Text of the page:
Valentine’s Day is quickly approaching. Before you cozy up and get hit by cupid’s arrow, you need to make sure that whatever activity you participate in, you are safe from sexual predators. Many of us have heard our parents or adult influences warn us about the dangers of sexual predators. How long will it be or how many unfortunate news stories will occur before people, especially young adults, take this issue seriously? Rape and sexual assault are no joking matter. I have lived on a college campus for three years now and I hear more people joking about it than people caring to stop it. Living on a college campus is great; you get to meet new people, go different places, enjoy new experiences, and become responsible for your own life. However, this responsibility is new to many young adults and if you are not careful and make wise choices, you can become a victim.
According to the Uniform Crime Report  there were 83,425 rapes reported in 2011. The CDC  (Centers for Disease Control) stated that about 80 percent of female rape victims were first raped at age 25 or younger. That is a huge number of kids we’re talking about in high school and college. The CDC’s National Intimate Partner and Sexual Violence Survey (NISVS)  showed that one-third of the women in the United States have experienced rape, physical violence, or stalking by an intimate partner in their lifetime. In the 2009 CVS  (Crime Victimization Survey) conducted by the Bureau of Justice Statistics it was highlighted that 70 percent of violent crimes against women were committed by someone they knew. To me, those statistics are astounding, and terrifying.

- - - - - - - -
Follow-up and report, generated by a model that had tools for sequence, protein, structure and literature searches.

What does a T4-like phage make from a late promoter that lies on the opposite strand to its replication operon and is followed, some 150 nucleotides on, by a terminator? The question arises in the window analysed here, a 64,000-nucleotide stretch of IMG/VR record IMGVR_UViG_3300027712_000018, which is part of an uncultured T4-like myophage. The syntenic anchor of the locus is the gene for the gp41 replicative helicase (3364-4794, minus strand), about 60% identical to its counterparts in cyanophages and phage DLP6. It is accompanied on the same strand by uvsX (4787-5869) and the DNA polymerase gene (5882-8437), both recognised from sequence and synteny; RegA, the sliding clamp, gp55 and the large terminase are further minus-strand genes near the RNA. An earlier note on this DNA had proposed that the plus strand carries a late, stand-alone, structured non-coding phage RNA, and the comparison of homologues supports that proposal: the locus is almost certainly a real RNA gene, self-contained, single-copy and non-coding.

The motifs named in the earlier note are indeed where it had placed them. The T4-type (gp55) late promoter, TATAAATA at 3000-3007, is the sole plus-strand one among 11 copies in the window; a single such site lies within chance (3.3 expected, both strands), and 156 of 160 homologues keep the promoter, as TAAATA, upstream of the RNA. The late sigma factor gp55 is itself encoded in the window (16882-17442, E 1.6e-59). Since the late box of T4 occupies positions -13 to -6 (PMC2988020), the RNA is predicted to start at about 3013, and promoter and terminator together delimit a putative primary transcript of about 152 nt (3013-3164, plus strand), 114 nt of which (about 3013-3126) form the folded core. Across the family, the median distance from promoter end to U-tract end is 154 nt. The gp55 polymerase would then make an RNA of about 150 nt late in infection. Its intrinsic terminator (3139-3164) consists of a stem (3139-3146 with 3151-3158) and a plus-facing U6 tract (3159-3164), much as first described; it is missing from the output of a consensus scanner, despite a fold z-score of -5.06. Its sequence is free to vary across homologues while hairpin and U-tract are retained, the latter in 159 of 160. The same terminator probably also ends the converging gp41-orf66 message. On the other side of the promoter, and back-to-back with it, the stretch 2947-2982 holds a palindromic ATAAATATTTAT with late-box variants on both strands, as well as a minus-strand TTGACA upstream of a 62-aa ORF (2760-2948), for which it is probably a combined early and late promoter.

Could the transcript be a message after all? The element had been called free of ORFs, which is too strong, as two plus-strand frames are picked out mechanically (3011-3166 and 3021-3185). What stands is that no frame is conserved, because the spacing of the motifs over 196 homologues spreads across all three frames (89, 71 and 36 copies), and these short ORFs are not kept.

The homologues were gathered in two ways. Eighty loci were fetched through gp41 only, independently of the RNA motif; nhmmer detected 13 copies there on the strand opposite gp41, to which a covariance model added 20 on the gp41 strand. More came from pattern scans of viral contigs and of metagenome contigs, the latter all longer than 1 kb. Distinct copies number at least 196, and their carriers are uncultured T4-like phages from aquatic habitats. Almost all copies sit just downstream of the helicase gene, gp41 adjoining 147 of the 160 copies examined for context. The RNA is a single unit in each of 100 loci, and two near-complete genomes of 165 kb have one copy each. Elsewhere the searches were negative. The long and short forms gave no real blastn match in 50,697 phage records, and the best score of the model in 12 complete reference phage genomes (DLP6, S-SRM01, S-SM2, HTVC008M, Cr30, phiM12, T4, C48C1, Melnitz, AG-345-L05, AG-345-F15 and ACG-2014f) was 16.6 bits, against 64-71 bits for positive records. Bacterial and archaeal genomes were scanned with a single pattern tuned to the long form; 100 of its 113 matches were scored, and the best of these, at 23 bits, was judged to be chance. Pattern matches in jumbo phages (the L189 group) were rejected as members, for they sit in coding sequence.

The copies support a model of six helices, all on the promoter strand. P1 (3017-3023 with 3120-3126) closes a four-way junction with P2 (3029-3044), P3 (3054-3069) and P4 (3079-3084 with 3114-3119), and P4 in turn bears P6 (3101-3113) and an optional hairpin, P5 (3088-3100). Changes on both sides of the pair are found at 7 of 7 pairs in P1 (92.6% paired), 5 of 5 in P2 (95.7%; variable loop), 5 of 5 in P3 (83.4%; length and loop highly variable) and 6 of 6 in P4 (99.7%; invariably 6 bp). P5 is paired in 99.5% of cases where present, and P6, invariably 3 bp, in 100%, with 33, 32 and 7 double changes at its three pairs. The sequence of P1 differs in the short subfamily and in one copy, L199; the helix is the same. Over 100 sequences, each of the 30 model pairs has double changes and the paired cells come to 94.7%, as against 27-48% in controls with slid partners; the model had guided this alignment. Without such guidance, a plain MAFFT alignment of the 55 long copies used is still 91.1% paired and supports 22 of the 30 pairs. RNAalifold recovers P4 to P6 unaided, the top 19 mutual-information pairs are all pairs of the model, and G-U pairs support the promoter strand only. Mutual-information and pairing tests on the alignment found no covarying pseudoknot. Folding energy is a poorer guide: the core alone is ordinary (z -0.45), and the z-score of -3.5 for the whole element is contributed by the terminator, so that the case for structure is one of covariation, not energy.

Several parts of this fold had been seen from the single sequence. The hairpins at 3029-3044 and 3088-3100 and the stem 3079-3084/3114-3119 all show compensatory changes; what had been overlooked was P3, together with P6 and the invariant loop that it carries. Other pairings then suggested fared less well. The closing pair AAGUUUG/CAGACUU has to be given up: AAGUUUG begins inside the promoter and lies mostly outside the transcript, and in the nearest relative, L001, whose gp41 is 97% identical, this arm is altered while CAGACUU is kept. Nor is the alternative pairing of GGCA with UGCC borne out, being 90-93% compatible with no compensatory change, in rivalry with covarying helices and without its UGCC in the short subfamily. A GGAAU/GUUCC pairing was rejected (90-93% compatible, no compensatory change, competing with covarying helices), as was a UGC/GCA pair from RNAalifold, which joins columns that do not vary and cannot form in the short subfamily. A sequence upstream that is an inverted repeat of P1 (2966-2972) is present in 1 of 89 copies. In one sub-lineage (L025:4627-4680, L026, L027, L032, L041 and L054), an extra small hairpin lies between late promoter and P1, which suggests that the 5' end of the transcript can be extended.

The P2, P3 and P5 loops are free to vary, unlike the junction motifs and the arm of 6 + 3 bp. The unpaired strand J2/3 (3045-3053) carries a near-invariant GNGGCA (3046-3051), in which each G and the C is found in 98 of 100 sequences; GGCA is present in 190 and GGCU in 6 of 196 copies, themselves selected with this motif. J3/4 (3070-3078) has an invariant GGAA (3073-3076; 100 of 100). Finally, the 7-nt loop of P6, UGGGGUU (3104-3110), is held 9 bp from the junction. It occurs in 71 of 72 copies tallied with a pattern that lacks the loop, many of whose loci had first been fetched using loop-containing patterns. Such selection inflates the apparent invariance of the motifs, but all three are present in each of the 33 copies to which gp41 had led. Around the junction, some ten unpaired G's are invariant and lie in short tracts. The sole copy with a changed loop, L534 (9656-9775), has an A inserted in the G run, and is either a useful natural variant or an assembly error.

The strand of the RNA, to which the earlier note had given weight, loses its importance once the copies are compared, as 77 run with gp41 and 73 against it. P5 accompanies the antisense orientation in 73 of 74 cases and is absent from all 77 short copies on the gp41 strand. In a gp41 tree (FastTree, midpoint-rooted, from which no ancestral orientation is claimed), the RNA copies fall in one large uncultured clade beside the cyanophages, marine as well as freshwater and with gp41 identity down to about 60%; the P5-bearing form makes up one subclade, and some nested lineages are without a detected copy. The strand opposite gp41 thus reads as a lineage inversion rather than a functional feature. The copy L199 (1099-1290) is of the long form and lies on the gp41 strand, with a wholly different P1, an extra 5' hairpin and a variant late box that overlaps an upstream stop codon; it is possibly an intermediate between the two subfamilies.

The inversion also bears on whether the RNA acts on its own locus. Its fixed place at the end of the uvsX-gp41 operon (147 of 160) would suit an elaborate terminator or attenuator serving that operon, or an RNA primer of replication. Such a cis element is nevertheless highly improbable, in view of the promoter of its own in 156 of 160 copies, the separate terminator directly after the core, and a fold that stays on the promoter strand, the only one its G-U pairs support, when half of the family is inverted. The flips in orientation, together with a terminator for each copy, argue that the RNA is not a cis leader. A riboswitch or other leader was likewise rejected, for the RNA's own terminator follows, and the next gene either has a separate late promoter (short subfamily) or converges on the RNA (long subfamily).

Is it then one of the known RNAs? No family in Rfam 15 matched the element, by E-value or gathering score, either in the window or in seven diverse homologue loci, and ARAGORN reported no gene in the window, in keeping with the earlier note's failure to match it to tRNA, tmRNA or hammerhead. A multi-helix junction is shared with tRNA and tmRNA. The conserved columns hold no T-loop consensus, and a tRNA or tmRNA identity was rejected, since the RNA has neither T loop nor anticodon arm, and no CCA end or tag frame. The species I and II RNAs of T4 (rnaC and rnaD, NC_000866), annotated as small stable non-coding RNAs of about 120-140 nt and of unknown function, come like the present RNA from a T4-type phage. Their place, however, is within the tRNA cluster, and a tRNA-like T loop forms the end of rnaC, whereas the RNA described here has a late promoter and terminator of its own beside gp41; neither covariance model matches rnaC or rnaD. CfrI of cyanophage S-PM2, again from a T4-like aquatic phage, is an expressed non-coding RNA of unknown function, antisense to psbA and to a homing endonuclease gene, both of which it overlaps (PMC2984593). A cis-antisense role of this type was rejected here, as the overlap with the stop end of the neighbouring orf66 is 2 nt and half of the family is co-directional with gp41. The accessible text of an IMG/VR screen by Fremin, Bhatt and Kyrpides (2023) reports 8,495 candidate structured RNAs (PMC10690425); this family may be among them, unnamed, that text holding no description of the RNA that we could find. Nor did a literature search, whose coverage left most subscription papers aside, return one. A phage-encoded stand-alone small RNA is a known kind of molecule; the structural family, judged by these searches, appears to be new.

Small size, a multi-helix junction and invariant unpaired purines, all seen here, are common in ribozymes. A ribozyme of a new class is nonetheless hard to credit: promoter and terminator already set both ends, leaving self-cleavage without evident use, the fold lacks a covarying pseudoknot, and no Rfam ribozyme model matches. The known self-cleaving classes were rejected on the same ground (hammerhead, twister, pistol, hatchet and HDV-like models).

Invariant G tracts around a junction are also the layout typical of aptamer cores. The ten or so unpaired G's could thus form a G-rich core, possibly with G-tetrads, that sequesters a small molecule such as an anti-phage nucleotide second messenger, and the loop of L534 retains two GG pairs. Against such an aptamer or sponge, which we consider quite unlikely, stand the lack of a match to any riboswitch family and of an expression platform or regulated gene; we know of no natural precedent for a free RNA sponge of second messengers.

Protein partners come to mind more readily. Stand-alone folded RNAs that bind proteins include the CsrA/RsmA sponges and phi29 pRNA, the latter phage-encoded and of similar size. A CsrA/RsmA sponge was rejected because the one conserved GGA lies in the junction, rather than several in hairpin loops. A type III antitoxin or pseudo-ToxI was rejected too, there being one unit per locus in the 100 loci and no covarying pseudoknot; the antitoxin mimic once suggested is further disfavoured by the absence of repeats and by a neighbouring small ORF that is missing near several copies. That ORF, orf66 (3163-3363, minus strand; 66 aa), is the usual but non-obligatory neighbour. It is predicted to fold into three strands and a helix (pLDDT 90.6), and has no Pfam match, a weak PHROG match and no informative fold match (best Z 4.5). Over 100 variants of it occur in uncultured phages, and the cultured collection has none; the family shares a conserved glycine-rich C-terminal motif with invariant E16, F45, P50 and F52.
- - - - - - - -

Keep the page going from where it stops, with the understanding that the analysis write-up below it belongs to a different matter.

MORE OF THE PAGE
Although I live on a very small college campus, I still know people who have been raped or sexually assaulted. Attending a college party or meeting with a friend alone in their dorm can turn out to be dangerous if you don’t know the other students very well.
There are other dangerous situations in which people have been victims of rape or sexual assault. With social networking and dating sites becoming increasingly prominent, you often hear about friends meeting people they don’t know online, or even going to meet this stranger in person. According to the Enough-is-Enough  website, 65 percent of online sex offenders used social networking sites to get home or school information about a victim. Meeting with or even talking to someone you don’t know can be extremely risky. You can never be sure that the person you are talking to is actually who they say they are.
There are some simple rules I live by that have helped me and my friends out of potentially hazardous situations:
1) Always go out with a group of friends; that way you can watch out for them and they can watch out for you.
2) Never put your drink down or leave it unattended.
3) Trust your guts; if it doesn’t feel right, don’t force yourself to do something just to appease your friends.
Many of those tips may seem like common sense. However, common sense tends to get pushed aside for things like drinking alcohol or trying to look “cool.” Don’t sacrifice your safety for your image or peer pressure. Go out, have fun, and meet friends, but most importantly make sure to be safe. For more tips and information on sexual violence, visit RAINN  (Rape, Abuse, & Incest National Network). For more information, resources, and strategies see the NCPC tip sheet on date rape  or visit ncpc.org .